Sep 1 (IPS) – As atmospheric carbon dioxide levels continue to climb shrubs and other woody plants will likely dominate grasslands, altering pastoral lifestyles around the world, a U.S. study has found.
In the first experiment of its kind done on native grassland, U.S. scientists artificially doubled carbon dioxide (CO2) levels over enclosed sections of prairie in Colorado, a state in the western United States, for five years. To their surprise, one shrub species, Artemisia frigida — commonly known as fringed sage — thrived under those conditions. In fact, it grew 40 times faster than normal, dominating other plant species.
“This kind of response to higher CO2 levels is almost unprecedented,” said Jack Morgan, a plant physiologist at the U.S. Department of Agriculture, and lead author of the study, published Aug. 28 in the ‘Proceedings of the National Academy of Sciences‘ (PNAS), a science journal.
“Fringed sage is a minor species on the landscape normally. We were not expecting to see this,” Morgan told IPS.
Grasslands of various types cover 40 percent of the world’s land area and provide grazing for domestic livestock. According to 2005 figures from the United Nations Food and Agriculture Organisation, pastoral areas also occupy 40 per cent of Africa’s land mass, and support most of the 235 million cattle on the continent. Cattle cannot eat woody plants, but thrive on grass.
Many parts of the world have experienced an invasion of woody shrubs over the last 100 to 200 years, Morgan added.
At about the same time atmospheric CO2 levels have risen from 280 parts per million (ppm) to 385 ppm today due to the burning of fossil fuels and deforestation. CO2 levels are expected to rise to 500 ppm before mid-century and reach 600 to 700 ppm by 2100.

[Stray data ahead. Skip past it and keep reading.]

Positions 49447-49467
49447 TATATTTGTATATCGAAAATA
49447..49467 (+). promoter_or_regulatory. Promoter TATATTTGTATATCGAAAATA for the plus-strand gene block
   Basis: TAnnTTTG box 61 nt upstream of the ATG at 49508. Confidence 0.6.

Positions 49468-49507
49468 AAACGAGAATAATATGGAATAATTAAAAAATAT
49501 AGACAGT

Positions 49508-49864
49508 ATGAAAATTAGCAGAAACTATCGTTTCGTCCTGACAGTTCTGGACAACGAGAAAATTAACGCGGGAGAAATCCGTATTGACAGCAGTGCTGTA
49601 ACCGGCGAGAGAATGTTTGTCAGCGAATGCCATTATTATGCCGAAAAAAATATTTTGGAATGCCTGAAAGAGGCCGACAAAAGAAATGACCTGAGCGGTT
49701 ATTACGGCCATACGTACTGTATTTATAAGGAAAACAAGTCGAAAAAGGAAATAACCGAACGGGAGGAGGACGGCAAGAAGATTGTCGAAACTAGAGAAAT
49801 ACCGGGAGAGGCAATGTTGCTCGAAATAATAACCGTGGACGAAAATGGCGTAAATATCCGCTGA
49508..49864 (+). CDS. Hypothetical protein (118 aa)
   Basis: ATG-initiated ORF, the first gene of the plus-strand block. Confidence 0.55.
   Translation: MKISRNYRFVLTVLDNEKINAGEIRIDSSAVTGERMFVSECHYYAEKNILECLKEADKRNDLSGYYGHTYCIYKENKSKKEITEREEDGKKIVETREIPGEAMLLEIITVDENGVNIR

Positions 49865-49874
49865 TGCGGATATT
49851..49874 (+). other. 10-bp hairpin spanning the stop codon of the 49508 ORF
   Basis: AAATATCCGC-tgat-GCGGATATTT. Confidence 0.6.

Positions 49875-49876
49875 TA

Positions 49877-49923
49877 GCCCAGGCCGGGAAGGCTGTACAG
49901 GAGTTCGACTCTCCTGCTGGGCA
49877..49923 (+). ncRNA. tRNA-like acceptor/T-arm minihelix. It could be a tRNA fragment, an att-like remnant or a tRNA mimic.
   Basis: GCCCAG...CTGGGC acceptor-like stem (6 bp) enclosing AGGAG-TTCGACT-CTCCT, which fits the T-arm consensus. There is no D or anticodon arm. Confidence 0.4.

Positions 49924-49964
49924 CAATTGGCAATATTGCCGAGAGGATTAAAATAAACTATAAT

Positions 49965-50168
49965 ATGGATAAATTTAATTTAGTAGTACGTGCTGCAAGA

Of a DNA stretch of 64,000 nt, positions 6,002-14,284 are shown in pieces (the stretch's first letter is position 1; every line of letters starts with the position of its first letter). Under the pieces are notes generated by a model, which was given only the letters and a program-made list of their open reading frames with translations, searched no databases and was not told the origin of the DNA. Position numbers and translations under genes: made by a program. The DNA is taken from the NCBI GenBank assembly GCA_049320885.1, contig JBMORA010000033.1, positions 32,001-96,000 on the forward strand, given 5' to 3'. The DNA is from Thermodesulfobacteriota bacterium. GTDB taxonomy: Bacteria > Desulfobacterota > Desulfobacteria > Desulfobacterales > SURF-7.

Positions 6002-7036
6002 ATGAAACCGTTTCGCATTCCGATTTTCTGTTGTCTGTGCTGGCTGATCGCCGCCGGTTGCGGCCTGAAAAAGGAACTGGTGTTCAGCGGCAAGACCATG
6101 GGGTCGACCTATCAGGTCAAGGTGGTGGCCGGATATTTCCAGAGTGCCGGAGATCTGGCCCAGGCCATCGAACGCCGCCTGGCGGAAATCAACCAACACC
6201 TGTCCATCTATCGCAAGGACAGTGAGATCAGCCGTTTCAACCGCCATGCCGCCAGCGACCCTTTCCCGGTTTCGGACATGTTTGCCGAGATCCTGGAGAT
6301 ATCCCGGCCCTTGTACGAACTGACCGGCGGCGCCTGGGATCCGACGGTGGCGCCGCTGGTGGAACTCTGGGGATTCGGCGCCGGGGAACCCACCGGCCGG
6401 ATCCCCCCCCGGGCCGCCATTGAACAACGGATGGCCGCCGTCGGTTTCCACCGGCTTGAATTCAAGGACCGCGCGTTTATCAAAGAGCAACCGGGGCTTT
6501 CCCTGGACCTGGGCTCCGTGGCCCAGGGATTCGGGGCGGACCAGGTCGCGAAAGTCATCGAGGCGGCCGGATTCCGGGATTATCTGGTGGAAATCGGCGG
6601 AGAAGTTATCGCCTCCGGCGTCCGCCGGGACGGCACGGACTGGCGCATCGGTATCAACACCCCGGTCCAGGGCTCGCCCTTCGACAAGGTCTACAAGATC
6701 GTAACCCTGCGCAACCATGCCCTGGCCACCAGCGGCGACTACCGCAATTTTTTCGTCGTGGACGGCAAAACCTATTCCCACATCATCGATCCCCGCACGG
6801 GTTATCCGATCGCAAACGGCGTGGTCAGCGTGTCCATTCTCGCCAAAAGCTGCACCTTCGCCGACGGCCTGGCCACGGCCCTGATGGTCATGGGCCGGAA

To test the effects of these future levels of CO2 Morgan and his colleagues set up open-topped cylinders of clear plastic, 15 feet in diameter, on the prairie grasslands. Pure carbon dioxide was pumped into one group of cylinders, maintaining a concentration of 720 ppm.
For five years each plot was analysed at the end of the peak growing season, and then half the vegetation was removed to simulate grazing.
In the first year fringed sage only covered 0.2 percent of the plots on average, but in the fifth year it covered 4.1 percent. Given more time the sage could eventually squeeze out the grasses, Morgan said.
Although the extent of the response was surprising, the fact that shrubs do better with more CO2 is not a new finding, he added.
Shrubs and other woody plants like trees can use CO2 more efficiently than grasses: they have deeper roots than grasses, enabling them to tap into deeper water supplies. These supplies, along with sunlight and CO2, are used to produce glucose energy for growth through photosynthesis.
Many millions of years ago when CO2 levels were in the 600 to 700 ppm range the grasslands and savannahs of the world as we know them did not exist, said Guy Midgley, chief specialist scientist at the Global Change and Biodiversity Programme of the South African National Biodiversity Institute, located in the coastal city of Cape Town.
Most grasses, especially those in temperate and tropical zones, evolved later when CO2 levels had dropped below 300 ppm.
“So, the projected changes in atmospheric CO2 levels alone represent a gigantic step backwards in time, in the space of a few decades,” Midgley told IPS in an e-mail interview.
For complete article click 21st Century May Belong to the Shrub